Current holdings

Hi Saul, Chris, Andy, and regular contributors of this board,

Seeing there’s been some discussions on current holdings etc, I thought it may be good to share how my current allocations look. I hold a few mega-caps like AAPL and FB, but otherwise the portfolio is mostly allocated to mid-cap and some large cap companies. These exclude my options-based investments, but anyways that’s not a significant component of the portfolio.

The stocks are all from MF universe, except for PSIX. Further, I expect MTH to be called away in March, and I will be looking to it being called away and the cash coming back to my account. I will be looking at SYNA as a cash deployment opportunity.

IF there are any thoughts/comments, please feel free to share.

**Ticker  Allocation(%)  Gain/Loss % (unrealised)**

SCTY	      4.95	51.72%
AAPL	      4.33	3.26%
NFLX	      4.36	711.90%
CSTE	      4.31	58.44%
SBUX	      4.12	47.54%
ISRG	      3.66	2.95%
AMBA	      3.67	79.01%
TSLA	      3.66	134.63%
WFM	      3.43	12.86%
WETF	      3.41	132.93%
FB	      3.30	158.94%
SSYS	      2.95	81.71%
MELI	      3.04	8.89%
SWIR	      3.07	18.39%
PNRA	      2.80	8.09%
TWTR	      2.60	-11.54%
CBOE	      2.71	12.99%
MKL	      2.49	11.36%
UBNT	      2.37	21.31%
COH	      2.32	-18.59%
CELG	      2.33	36.18%
MTH	      2.32	15.35%
NUAN	      2.24	-27.60%
ROIC	      2.16	15.63%
MIDD	      2.08	25.18%
LNKD	      1.95	-5.18%
INVN	      2.13	27.03%
TXRH	      1.90	4.06%
AMZN	      1.74	4.29%
PSIX	      1.78	17.58%
TCS	      1.74	-15.28%
CLNE	      1.75	-16.03%
PGR	      1.45	-10.33%
RAX	      1.00	-32.96%





Thanks Anirban! I love seeing other’s portfolios. Yours looks pretty strong. I appreciate you sharing.

Would you mind telling us your average yearly return?


Hi Jeb,

I have internal rate of returns (IRR) handy; Google’s XIRR() function. Noting that the first investment in this account was made on August 2012, and also noting that I have about 7% sitting in cash, the IRR in USD (i.e., cash flow in and out are denominated in USD) is 49%.

I live in Australia, so I also track performance with respect to cash inflow and outflow in Australian Dollars (AUD). IRR consider AUD cash inflows and todays’s NAV in AUD is 77%.

For comparison, had the funds been invested in SPY, IRR would have been about 18.4%. Investments in RSP (the equal weight version of SPY) would have done better, but I don’t have the number right now as Google at this time isn’t returning RSP quotes for some of the dates I need.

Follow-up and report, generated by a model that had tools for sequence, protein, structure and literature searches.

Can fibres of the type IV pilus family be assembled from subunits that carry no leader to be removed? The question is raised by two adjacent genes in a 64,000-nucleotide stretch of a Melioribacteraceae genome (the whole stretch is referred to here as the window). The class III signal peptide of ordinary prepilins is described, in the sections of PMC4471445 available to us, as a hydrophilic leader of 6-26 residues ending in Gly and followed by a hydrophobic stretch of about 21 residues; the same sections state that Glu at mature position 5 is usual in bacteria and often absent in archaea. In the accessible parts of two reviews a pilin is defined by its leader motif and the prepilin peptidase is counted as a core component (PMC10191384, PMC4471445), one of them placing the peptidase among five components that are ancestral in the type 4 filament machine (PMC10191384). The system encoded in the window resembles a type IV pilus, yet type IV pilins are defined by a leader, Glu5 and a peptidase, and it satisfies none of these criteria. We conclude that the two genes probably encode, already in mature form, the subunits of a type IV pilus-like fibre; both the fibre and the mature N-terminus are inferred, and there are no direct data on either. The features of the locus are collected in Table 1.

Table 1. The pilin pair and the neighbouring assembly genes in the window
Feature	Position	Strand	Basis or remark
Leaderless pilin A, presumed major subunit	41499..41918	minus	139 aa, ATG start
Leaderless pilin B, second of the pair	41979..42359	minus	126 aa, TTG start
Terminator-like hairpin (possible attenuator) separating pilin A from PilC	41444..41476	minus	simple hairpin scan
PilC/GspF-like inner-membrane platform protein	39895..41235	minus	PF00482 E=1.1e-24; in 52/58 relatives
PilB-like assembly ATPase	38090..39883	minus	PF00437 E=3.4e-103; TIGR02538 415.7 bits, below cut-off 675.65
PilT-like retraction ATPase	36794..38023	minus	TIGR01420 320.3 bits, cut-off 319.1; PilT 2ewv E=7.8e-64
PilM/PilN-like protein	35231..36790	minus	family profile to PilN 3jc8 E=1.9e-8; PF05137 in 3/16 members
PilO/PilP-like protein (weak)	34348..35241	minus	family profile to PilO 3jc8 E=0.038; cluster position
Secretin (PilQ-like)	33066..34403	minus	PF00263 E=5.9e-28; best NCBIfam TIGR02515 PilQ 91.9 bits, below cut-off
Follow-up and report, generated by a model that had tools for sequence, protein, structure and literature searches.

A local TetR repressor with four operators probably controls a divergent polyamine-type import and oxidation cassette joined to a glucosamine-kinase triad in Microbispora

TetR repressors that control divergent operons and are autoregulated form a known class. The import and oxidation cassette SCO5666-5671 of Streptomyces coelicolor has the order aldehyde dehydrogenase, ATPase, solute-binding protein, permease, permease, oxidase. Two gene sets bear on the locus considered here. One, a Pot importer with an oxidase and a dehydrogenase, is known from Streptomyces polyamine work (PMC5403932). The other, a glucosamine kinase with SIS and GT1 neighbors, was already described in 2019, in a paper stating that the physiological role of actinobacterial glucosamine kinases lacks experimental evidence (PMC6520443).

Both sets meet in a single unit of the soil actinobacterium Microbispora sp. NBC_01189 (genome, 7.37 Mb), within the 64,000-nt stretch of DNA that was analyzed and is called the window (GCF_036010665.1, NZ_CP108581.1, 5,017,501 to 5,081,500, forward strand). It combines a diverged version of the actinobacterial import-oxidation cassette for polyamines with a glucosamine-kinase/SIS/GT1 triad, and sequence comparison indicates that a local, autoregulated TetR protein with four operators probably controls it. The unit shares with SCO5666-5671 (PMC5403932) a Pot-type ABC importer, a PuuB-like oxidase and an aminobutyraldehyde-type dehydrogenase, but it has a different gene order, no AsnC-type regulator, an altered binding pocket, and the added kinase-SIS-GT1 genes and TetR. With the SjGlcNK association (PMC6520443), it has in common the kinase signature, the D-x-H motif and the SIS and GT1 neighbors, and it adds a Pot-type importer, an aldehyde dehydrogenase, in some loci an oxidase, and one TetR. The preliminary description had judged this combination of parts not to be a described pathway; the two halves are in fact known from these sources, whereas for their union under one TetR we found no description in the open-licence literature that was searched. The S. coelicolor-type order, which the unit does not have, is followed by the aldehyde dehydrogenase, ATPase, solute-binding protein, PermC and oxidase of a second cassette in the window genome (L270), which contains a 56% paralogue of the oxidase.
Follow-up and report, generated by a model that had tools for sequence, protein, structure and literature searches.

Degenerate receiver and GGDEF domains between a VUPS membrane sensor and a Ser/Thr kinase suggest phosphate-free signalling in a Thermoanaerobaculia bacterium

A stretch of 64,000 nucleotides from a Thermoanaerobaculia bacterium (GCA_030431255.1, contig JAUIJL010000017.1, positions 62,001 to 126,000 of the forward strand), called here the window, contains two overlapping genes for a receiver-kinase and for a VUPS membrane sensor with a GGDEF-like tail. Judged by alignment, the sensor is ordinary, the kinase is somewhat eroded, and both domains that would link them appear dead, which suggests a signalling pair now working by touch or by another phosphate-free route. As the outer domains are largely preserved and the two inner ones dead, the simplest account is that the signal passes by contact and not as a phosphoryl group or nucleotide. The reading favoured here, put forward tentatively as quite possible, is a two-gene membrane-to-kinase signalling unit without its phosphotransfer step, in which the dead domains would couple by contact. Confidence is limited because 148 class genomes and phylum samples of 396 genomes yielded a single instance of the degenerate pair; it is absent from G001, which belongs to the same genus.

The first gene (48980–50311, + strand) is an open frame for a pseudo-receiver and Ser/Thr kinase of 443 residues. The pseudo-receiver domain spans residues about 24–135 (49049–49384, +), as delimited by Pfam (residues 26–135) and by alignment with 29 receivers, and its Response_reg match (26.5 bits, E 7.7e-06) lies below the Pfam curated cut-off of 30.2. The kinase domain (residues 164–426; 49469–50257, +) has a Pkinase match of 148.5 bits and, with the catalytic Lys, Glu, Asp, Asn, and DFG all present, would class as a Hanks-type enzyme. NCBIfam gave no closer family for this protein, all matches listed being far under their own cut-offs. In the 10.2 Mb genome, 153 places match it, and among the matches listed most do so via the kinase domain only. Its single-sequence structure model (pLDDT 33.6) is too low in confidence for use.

On the surface this appears exceptionally high. However, the ongoing bull market has been very helpful. Further, in terms of AUD, I got the benefit of moving funds into USD when AUD was at par or higher than USD. Now, we are tending back to historical averages, with 1 AUD giving about 0.9 USD. Our reserve bank want AUD to be around 0.8 USD, so I guess there’s still some currency tailwind for me to leverage!

I hope this answers your question. If you want to know more, please ask and I will run the analysis.


WOW! Very strong! Warren Buffett said “a rising tide lifts all yachts.” You were helped to a degree from the bull market when you invested. Good job.

I see that you are in communications. Do you have an opinion on Infinera (INFN)?


Hi Jeb,

See responses below:

I see that you are in communications.

Yes, but I work more on the upper layers of the network protocol stack. Put another way, I understand the software components driving the network and the services offered by the network; I don’t have I depth knowledge of the nuts and bolts of the communications infrastructure.

How did you make this inference? Just curious.

Do you have an opinion on Infinera (INFN)?

INFN is an optical networking company. So it’s not really within the sphere of my expertise and it’s not really on my watch list.

However, I do know that there’s much competition in this space. Alcatel would be a competitor. I would think Huawei is another competitor. Further, networking hardware companies would be highly dependent on the capital expenditures of large Telcos. Telcos sort of do these sort of upgrades in cycles. Sometimes, governments intervene such as in Australia where the government has setup the NBN company to roll out the next-generation of broadband. I think these dependencies cause revenues to be lumpy and cyclic.

My viewpoint is - hardware companies depend on others to see uptake of their products - unlike say services oriented companies which can roll out new innovative services to create new market opportunities. As such, I have generally avoided companies selling networking hardware with the view that if hardware makes more capacity and higher speeds available, some software company will figure out how to exploit it, and I think the software company will be the one happily going to the bank. Think Netflix, Google, Facebook.

Of course, every rule or investing instinct is meant to be broken. I hold UBNT and INVN, which predominantly sell hardware. UBNT is a special case. The business model is disruptive and I like its founder led management. INVN is an a attempt to ride the many sensors in your phone wave. Chris has a nice post covering his non-linear thinking with respect to MEMS and INVN. I concur with that line of thinking.

I can take a closer look at INFN if that may be helpful.